A world of George Floyds

A world of George Floyds

Nationwide protests in the US over the police killing of George Floyd have inspired solidarity demonstrations around the world. But in some countries, people are also on the streets to protest discriminatory policing and broader racial injustice in their own countries. Here's a look at a few protests in just the past few days, including in a couple of countries where racial tensions don't always make the global news.


Brazil: Protesters in Rio de Janeiro were out in force this weekend to call attention to a long history of police violence and discrimination. Rio, where powerful gangs control large swathes of the city's impoverished favelas, has long been an exceptionally violent place, and the police there are known to treat local residents with a heavy hand. In 2019, cops gunned down a record 1,800 people in Rio (police in the entire United States kill roughly 1,000 people per year.) The overwhelming majority of those killed by the Rio police are black. Of the roughly 9,000 people killed by Rio police over the past decade, three quarters of them were black men, according to Human Rights Watch. Just last month, an unarmed black teenager was shot during a police raid. Hanging over all of this is the still unresolved murder of city councilwoman Marielle Franco, an outspoken police critic, who was assassinated in 2018.

Japan: Non-Japanese minorities make up less than five percent of the population in Japan, where the country's relative ethnic homogeneity has been a source of both pride, controversy, and debate in recent years. This Saturday, several hundred people were out on the streets of Tokyo to express solidarity with the Floyd protests, but also to highlight police discrimination in their own city, spurred on by the case of a 33-year old ethnic Kurd from Turkey who was thrown to the ground and manhandled by police after he refused to let them search his car. A bystander caught the incident on video. Recent police reforms in Japan have sought to address a long history of abusive interrogation practices, but a focus on race and policing is relatively new in the country.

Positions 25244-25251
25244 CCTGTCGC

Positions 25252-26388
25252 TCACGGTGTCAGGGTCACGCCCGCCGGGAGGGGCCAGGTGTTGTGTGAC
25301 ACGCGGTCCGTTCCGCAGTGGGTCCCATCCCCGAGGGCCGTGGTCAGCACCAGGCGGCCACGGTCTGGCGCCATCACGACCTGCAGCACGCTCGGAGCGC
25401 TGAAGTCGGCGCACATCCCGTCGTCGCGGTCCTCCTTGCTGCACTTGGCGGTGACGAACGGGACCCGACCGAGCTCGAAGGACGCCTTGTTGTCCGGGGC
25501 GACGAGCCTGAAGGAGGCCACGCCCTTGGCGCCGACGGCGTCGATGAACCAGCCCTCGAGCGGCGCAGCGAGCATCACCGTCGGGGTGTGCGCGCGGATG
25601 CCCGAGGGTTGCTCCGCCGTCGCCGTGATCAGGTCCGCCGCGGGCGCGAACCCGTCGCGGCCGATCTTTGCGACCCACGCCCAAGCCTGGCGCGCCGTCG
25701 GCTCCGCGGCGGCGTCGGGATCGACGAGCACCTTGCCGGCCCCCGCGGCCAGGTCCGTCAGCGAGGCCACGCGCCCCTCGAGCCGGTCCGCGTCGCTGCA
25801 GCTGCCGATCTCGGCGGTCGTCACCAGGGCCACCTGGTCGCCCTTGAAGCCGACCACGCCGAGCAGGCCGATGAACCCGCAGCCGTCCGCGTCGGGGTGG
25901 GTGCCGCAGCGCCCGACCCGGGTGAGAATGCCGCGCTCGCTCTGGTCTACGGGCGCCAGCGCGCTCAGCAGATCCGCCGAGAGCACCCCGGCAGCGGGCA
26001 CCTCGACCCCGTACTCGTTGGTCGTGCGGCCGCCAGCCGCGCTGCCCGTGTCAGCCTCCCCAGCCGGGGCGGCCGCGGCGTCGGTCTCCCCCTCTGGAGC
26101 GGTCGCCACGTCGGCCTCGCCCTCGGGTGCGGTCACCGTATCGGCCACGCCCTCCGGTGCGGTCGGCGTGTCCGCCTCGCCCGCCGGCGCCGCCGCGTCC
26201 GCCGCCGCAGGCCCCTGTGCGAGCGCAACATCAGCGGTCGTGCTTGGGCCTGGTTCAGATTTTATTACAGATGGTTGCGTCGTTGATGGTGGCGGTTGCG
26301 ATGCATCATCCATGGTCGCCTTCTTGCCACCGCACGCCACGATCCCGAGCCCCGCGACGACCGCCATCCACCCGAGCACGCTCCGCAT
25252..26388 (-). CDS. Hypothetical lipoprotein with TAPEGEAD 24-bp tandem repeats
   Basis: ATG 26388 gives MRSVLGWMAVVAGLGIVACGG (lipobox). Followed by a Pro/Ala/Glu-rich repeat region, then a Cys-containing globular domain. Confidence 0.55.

Israel: Solidarity protestors in Israel took aim at racial discrimination in their own society this weekend. A main focus of the demonstrations was systemic discrimination against Israel's black population. Protestors chanted the name of Solomon Tekah, an unarmed Ethiopian Jewish teenager killed last year by an off duty police officer. Tekah's death sparked several days of protests last summer and threw a harsh light on the discrimination suffered by the country's sizable Ethiopian minority, which first arrived in large numbers via a massive airlifts out of Ethiopia in the mid 1980's.

Portugal: Thousands of protesters in Lisbon and other large cities demanded justice in the case of Claudia Simões, a 42-year old black woman originally from the former Portuguese colony of Angola, who said she was severely beaten by police earlier this year after a bus operator accused her of having assaulted him. Racial tensions surrounding the police are not new in Portugal. Last January, protests erupted after a viral video showed police abusing residents of the predominantly black Bairro da Jamaica suburb of Lisbon. Several months later, eight officers were convicted of kidnapping and beating six black youths near the capital city in 2015.

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Turkey's Erdogan ups the ante with the West: Turkey's President Recep Tayyip Erdogan has declared diplomats from 10 Western countries "persona non-grata" after the group — which includes the US, France, and Germany — called on Ankara to release Osman Kavala, a Parisian-born Turkish businessman who's been held in jail since 2017 but hasn't been charged with a crime. Erdogan says that Kavala was involved in an attempted coup against the government in 2016. This latest move is a sign of Turkey's authoritarian drift in recent years, which has seen Erdogan's government increasingly crack down on opposition members as well as journalists. It also reflects Turkey's increasingly fraught relations with the West: things got particularly bad between Washington and Ankara after Turkey purchased missile defense systems from the Russians in 2019. The Council of Europe (the EU's leading human rights organization) had previously warned that Ankara has until November to release Kavala or it would impose "infringements," though it's unclear what those would be.